You have suggested that the definition of offences, in the operation of the European Arrest Warrant, should be based on a "minimum standard" as provided for in this Framework Decision. This would in effect reintroduce a form of dual criminality for the offences listed in the Framework Decision on the European Arrest Warrant. As you know we argued against this approach and Racism and Xenophobia is one of the 32 generic offences categories in the Framework Decision on the European Arrest Warrant for which the dual criminality requirement is largely removed. Limiting the European Arrest Warrant as you suggest would contravene mandatory provisions of the European Arrest Warrant Framework Decision. The Government's view is that a person who commits a serious offence in another Member State should not be able to escape arrest by crossing a border, even if the conduct would not be an offence in his home country.

10 January 2003

Letter from Lord Grenfell, Chairman of the European Union Committee, to Lord Filkin, Parliamentary Under Secretary of State, Home Office

   Sub-Committee E (Law and Institutions) considered the proposal, along with your letter of 10 January, at its meeting on 29 January. We would wish to pursue farther the points raised in my letter of 19 December, as the situation has not been fully clarified.

THE MEANING OF ARTICLE 7

  It is evident from your letter that there is still a level of uncertainty regarding the exact scope of Article 7 and what is meant by "rules governing the rights and responsibilities of the press where these rules relate to the determination or limitation of liability". You have indicated that the Presidency is seeking to clarify the situation "in the recitals"—what does this mean in practice? And is there any prospect of further amending the wording of Article 7 in order to clarify its scope?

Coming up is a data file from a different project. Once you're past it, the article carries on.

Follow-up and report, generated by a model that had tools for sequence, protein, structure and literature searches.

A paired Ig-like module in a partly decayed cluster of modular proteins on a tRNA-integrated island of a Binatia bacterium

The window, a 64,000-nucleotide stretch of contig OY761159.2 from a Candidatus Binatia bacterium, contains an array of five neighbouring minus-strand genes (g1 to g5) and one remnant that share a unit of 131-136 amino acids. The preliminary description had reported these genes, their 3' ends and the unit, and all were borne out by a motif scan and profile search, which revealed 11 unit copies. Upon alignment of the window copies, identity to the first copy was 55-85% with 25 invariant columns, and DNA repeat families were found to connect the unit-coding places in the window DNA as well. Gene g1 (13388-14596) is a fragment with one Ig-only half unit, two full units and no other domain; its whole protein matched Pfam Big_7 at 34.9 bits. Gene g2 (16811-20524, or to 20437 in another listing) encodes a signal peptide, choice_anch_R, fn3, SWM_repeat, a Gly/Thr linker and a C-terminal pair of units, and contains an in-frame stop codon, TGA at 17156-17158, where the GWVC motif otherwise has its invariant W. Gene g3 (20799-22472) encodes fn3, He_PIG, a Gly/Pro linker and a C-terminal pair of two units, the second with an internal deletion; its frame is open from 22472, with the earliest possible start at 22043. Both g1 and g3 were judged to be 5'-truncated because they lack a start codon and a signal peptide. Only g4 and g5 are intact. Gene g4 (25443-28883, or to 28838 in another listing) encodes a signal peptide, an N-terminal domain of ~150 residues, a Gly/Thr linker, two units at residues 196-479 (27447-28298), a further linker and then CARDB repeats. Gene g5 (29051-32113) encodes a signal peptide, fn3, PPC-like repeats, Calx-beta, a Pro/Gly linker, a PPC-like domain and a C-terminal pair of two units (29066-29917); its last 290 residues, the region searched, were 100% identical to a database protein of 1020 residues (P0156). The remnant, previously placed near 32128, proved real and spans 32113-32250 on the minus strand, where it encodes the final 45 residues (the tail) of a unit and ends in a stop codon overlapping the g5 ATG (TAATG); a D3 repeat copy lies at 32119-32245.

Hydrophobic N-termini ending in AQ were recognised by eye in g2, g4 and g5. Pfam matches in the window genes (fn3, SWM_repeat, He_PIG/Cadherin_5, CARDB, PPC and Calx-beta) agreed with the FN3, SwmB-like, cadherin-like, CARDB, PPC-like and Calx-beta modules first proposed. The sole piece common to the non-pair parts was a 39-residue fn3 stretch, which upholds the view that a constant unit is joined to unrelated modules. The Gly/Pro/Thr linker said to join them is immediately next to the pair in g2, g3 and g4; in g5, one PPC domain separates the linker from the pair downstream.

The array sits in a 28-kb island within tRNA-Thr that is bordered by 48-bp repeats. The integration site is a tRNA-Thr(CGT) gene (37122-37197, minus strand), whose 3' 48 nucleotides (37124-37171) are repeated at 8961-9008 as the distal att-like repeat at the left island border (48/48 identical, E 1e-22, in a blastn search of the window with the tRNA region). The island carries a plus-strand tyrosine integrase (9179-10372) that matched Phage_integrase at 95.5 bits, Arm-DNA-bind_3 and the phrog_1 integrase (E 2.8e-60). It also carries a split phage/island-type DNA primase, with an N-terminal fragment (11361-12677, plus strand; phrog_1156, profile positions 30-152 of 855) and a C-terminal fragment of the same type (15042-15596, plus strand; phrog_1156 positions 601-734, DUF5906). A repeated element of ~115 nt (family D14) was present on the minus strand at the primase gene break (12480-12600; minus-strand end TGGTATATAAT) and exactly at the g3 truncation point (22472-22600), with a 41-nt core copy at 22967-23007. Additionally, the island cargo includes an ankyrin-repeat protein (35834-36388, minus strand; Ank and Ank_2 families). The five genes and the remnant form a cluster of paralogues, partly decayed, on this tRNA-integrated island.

ARTICLE 8(2)—THE REVIEW

  We note that the procedure and form of the Article 8(2) review has not been decided. The review process will not itself require new EC/EU legislation—and thus would not necessarily trigger national Parliamentary scrutiny. We would welcome your assurance that you will keep the Committee fully informed about the review process and deposit for scrutiny any document regarding its outcome.

ARTICLE 5(2)

  We note that in paragraph 11 of your Explanatory Memorandum you are exploring the options for legislation to give effect to Article 5(2). It would be helpful if you could provide some clarification of the Government's position. In particular, when you refer to the "options for legislation", are there problems of substance? Or do the issues you are exploring solely concern the type of legislation (primary or secondary) needed to implement the Framework Decision?

  We also note that the core provision in Article 5(2) (`each Member State shall take the necessary measures to ensure that a legal person can be held liable where the lack of supervision or control by a person . . . has made possible the commission of the conduct') is similar to the one in other documents (for example the proposals on corruption in the private sector and attacks against information systems). Are the concerns to which you refer in paragraph 11 specific to the racism and xenophobia proposal or is there a general problem?

RELATIONSHIP WITH THE EUROPEAN ARREST WARRANT

  Last, but not least, concerns remain regarding the relationship of the current proposal with the European Arrest Warrant. We note that the Government are not prepared to discuss any limitation to the definition of racist and xenophobic offences for the purposes of the European Arrest Warrant. We regret that the Government has not taken the opportunity to clarify the scope of the European Arrest Warrant by limiting the Warrant to the minimum standard as defined in the present instrument.